Today's beef is not as fatty as that of years past. In fact beef can even be a part of a low-fat diet. Beef eaters should choose lean cuts, eat small portions, and trim all visible fat before cooking. Beef is also an excellent source of different vitamins that can be difficult to obtain elsewhere (iron, zinc, and vitamin B12). To get the most benefits from a cut of beef it should be boiled. By the way, trimming the fat has no effect on the vitamin and mineral quality of the meat. It doesn't really matter whether the meat is lean or fatty; the levels of nutrients are approximately the same.
Fat content in beef is widely variable depending on the cut; the leanest pieces are as low in fat as broiled fish or skinless chicken. There are several varieties of beef:
Brisket: The front part of the breast is a boneless cut of beef with considerable fat that is best braised or cooked in liquid. Chuck: This cut is the beef from the shoulder, arm, and neck of the animal. The chuck contains a lot of connective tissue, and, therefore, is not very tender. It should be cooked in liquid for long periods of time at moderate temperatures; that is the best way to break down the connective tissue and tenderize the meat. Flank: From this section, which is just behind the belly, comes flank steak, also called London broil. It can be braised, pan-broiled, or stir-fried. The beef should be cut very thin on a sharp angle across the grain to make it easier to chew. Fore shank: The meat from the front legs of the steer. It is quite tough, and used primarily for stew and ground beef. Rib: Cuts from the rib are quite tender. In general, rib cuts should be roasted, but the steaks can be broiled, grilled, or sautéed. Back ribs come with the bone intact and can be either roasted or braised. Round: This section is so named because it contains the round bone, or femur. In spite of the muscles in the round the beef from the round is tender because the muscles all run in one direction. As roasts, these cuts can be roasted or braised; as steaks, they can be broiled or pan-broiled.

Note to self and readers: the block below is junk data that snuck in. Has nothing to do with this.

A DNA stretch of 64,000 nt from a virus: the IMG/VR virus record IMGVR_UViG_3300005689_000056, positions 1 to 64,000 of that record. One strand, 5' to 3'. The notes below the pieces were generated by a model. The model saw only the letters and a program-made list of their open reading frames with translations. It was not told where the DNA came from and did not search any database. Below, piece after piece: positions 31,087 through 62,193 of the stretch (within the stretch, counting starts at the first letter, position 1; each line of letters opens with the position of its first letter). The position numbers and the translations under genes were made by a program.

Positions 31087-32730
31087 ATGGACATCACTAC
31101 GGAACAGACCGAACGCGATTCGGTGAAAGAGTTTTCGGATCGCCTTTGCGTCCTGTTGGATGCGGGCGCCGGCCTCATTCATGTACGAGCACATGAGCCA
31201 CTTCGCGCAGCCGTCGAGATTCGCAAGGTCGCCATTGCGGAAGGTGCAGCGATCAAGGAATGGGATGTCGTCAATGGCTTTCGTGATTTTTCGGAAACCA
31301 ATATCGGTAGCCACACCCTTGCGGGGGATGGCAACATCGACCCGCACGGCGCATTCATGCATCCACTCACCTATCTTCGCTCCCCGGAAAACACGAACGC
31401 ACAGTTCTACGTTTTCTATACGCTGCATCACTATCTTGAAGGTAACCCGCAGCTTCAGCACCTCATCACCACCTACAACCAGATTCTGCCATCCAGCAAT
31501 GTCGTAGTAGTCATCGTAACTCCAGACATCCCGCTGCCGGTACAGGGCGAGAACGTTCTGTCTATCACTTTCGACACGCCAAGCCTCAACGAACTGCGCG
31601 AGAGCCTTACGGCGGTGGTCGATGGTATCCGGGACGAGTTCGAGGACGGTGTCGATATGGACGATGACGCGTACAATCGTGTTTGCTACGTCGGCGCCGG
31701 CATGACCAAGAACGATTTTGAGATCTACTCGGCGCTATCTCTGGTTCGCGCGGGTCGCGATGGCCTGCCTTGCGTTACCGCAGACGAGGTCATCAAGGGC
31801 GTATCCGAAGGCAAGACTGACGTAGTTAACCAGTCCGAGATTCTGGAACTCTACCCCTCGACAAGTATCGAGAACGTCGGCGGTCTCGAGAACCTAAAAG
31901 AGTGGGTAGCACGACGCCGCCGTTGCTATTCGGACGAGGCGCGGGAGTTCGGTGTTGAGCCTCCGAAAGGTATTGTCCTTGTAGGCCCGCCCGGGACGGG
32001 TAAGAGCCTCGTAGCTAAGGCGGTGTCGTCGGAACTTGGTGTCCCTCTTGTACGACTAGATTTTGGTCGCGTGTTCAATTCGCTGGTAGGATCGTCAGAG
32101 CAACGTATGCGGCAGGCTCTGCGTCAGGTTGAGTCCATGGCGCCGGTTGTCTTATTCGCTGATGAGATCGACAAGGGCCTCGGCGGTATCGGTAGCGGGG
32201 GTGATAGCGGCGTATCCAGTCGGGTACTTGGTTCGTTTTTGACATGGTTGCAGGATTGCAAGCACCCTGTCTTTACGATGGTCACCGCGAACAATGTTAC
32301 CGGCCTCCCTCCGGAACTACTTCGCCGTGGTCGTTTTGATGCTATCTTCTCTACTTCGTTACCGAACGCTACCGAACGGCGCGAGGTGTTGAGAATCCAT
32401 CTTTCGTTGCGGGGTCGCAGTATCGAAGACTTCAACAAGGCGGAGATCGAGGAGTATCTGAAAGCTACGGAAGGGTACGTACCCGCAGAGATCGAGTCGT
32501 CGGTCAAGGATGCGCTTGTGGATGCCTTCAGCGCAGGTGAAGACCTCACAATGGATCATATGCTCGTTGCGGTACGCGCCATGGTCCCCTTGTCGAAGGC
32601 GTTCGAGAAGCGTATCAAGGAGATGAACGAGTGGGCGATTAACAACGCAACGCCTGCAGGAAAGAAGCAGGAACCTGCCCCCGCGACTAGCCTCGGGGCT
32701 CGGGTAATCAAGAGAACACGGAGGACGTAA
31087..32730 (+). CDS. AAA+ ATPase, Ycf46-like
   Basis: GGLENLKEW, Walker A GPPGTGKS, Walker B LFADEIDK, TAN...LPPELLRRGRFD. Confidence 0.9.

Short Loin: The tenderest cuts come from the loin, the muscle that does the least work. Roasts from this section can be roasted or broiled; the steaks can be broiled, sautéed, or grilled. Ground Beef: Most ground beef comes from the chuck, sirloin, or round. Extra lean ground beef is, on average, 17% fat by weight when raw. If you want to get the leanest ground meat, buy a lean cut of sirloin or round and ask the butcher to trim it of all external fat and grind it for you.
While cut and grade are good indicators of fat content, you still need to use your eyes when selecting beef. Fresh beef is easy to spot and it has creamy white fat. Another factor is color. When beef is first exposed to oxygen, it develops a cherry red color, called bloom. The inside of the beef is dark purple, while pork, for example, is rosy.
Fresh beef is highly perishable and should be stored in the coldest part of the refrigerator immediately after purchase. Keep the meat in its original wrapping to minimize handling. The smaller the cut of beef, the more surface area is exposed to air, and the faster it will spoil. To keep beef longer, you must freeze it. The same goes for pork.
And few more tips concerning choosing of beef cuts: the texture of meat should be tender, if it is rough, it means that the animal was too old when butchered; beef that is aged between 14 to 30 days is better tasting because connective tissue breaks down; marinate meat in a flavored vinegar to tenderize it.